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Retail Can Work – The Rise of the Independent


As multiple stores like New Look, Maplin and Toys ‘R’ Us become the latest retail casualties on the high street the latest statistics reveal an optimistic rise in independents…

The research collated by British online marketplace etailer OnBuy.com considered retail and leisure multiple and independent openings and closures in 2017. Paying particular attention to study where multiple stores have declined in comparison to areas where independent stores are opening.






It was found multiple (chain) store closures have been seen in every region – except Yorkshire and the Humber with a rise of 11 openings. The steepest falls were seen in the West Midlands (-143 multiple closures), Greater London (-92 multiple closures) and the East of England (-86 multiple closures.)

Independents, on the other hand, grew everywhere except in the East (-19 independent closures) and South West (-29 independent closures.) Closing at a much lower rate than multiples across the UK.

The North West (230 independent openings), West Midlands (194 independent openings) and Scotland (114 independent openings) saw extraordinary growth in their independent store markets.

Further, Barbers, Beauty Salons, Cafes and Tearooms, Convenience Stores and Tobacconists/Vaping Shops are classifications succeeding the change, per The Retail and Leisure Trends Report by LDC. In contrast, Public Houses and Inns, Clothes -Women, Newsagents, Bookmakers and Shoe Shops are suffering vast closures.

OnBuy.com considered retail and leisure vacancy rates by region, since the end of 2016, and found that only three regions have seen an increase: Greater London (up +0.1%), the South West (up +0.1%) and Yorkshire and the Humber –with the biggest increase of +0.6%.

Indeed, regions that currently hold the highest rate of vacancy include the North West (15.1%), the North East (14.8%) and Yorkshire and the Humber (14.5%.) Alternately, the East of England (10%), South East (9.9%) and Greater London (7.5%) hold the lowest rate of vacancy.

North West –15.1%

North East –14.8%

Yorkshire and the Humber –14.5%

West Midlands –14.2%

East Midlands –12.1%

South West –10.1%

East of England –10%

South East –9.9%

Greater London –7.5%

Cas Paton, managing director of Onbuy.com comments: “In the grand scheme of things, vacancy rates are low. The fact that only three regions have seen an increase in vacancies is positive and we must focus on this. Otherwise, we risk consistent, unobliging news of multiple closures obscuring our vision and progress to develop the retail world.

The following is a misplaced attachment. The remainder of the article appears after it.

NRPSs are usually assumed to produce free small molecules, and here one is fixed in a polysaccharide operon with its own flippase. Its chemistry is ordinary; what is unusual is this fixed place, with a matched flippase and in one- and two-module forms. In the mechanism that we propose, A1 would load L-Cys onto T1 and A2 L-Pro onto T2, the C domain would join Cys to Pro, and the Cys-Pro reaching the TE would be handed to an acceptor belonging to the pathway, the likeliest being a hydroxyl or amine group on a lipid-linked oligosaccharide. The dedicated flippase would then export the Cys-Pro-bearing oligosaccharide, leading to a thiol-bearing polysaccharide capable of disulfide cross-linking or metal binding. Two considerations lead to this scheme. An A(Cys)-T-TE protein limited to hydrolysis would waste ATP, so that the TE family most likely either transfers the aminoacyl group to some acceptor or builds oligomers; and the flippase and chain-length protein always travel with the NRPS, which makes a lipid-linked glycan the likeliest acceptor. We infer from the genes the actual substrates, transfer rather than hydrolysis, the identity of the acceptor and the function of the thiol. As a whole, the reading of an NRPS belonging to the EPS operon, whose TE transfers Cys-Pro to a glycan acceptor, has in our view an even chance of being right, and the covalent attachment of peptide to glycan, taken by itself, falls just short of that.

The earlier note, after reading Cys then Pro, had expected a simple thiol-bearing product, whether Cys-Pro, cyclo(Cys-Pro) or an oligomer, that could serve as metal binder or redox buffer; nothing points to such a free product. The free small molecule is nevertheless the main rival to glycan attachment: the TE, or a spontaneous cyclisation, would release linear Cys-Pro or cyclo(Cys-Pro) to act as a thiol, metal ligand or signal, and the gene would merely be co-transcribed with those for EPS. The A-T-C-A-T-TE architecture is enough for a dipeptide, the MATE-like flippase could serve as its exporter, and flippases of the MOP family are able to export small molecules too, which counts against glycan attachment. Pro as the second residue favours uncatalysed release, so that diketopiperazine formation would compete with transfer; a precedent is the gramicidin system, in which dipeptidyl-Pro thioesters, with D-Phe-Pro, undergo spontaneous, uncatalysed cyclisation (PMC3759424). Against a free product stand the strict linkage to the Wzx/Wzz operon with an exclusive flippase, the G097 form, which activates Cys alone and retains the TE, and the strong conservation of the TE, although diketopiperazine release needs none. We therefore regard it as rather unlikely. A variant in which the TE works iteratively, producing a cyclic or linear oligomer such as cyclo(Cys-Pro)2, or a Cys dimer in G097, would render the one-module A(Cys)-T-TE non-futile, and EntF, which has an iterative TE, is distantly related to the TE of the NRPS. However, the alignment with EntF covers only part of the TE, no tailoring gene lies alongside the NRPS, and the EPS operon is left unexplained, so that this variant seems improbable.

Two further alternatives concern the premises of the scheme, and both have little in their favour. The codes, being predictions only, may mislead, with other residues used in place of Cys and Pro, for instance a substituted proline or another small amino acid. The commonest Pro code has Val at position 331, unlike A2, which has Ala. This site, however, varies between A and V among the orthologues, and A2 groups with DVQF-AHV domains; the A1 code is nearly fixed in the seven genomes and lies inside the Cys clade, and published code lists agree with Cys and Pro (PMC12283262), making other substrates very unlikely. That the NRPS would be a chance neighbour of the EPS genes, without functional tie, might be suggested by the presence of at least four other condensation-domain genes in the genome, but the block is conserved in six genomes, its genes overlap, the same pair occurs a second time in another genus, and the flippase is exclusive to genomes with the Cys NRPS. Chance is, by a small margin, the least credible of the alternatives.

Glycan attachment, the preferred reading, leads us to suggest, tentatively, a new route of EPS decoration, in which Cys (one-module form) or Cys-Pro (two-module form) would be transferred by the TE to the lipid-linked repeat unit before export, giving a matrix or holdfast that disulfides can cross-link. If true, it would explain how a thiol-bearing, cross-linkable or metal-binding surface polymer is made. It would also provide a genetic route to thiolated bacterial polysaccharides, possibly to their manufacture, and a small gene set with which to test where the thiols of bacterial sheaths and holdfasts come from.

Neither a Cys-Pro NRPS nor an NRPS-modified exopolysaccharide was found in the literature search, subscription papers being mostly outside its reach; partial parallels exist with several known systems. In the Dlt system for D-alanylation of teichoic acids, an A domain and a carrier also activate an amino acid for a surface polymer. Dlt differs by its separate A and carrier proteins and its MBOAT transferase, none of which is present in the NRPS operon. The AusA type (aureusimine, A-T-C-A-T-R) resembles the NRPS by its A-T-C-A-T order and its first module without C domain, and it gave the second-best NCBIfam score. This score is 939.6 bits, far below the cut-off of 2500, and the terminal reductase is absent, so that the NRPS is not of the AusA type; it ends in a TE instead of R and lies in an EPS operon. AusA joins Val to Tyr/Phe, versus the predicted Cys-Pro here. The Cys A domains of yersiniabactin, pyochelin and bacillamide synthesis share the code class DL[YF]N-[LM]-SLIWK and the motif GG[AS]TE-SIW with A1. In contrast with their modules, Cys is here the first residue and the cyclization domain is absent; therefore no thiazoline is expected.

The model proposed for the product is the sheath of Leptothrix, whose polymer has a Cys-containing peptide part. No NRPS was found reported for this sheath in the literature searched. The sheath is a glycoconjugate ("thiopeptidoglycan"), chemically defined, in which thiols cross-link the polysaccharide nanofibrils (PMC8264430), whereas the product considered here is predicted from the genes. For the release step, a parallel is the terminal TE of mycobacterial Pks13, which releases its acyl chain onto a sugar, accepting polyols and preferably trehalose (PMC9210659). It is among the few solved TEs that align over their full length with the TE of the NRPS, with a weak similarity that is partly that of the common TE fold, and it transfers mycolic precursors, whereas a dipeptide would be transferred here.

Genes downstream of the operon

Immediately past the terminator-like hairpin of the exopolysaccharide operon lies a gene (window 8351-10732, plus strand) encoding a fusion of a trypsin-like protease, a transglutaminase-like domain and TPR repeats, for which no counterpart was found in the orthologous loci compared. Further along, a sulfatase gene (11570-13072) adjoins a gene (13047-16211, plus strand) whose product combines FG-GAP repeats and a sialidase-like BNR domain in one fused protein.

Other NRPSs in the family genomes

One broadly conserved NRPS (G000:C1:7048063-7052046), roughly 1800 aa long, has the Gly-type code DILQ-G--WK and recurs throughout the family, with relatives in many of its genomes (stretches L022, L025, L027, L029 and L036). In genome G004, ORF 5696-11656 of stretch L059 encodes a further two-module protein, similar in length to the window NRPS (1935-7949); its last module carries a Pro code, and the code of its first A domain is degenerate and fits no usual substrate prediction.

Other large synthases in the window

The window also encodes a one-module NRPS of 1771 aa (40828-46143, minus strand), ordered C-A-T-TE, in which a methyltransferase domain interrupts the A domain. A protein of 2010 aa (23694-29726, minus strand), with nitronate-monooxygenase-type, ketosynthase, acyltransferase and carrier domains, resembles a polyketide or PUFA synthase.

“It is sad to see well-loved, British companies closing–but we must move with the times. Keen business men and women have their eye on vacant spaces across the country and we must support our local independents, bricks-and-mortar businesses. It’s the only way for retail to survive.”

Jenny Holloway, CEO of FashionCapital and Fashion Enter, adds that retail is in the midst of change and that customers require in-store ‘experiences’ to entice them to shop on the high street.

She says: “Another two casualties on the high street with Toys ‘R’ Us and Maplin! What is it with the management of these retailers – why is there inertia to seize new opportunities? Wasn’t Toys ‘R’ Us in an ideal situation to convert part of their store to a ball park…a soft play activity centre? Moms could have taken their youngsters to play, had a coffee and a bun with friends and bought toys on the way out! Where are the nimble responsive boards grabbing at new opportunities? Retail is about experiences now. 6000 jobs now hang in the balance – retail is not dead; it’s just morphing into something different!”

Food for thought, bricks and mortar retail is far from dead, independents can score by offering unique quality product and an intimate service that is tailored to the customer. Combine this with an additional business such as a hair salon, nail bar, tearoom, games area etc to ensure high street retail becomes a go-to venue.

Thanks to www.onbuy.com for the research information and infographic

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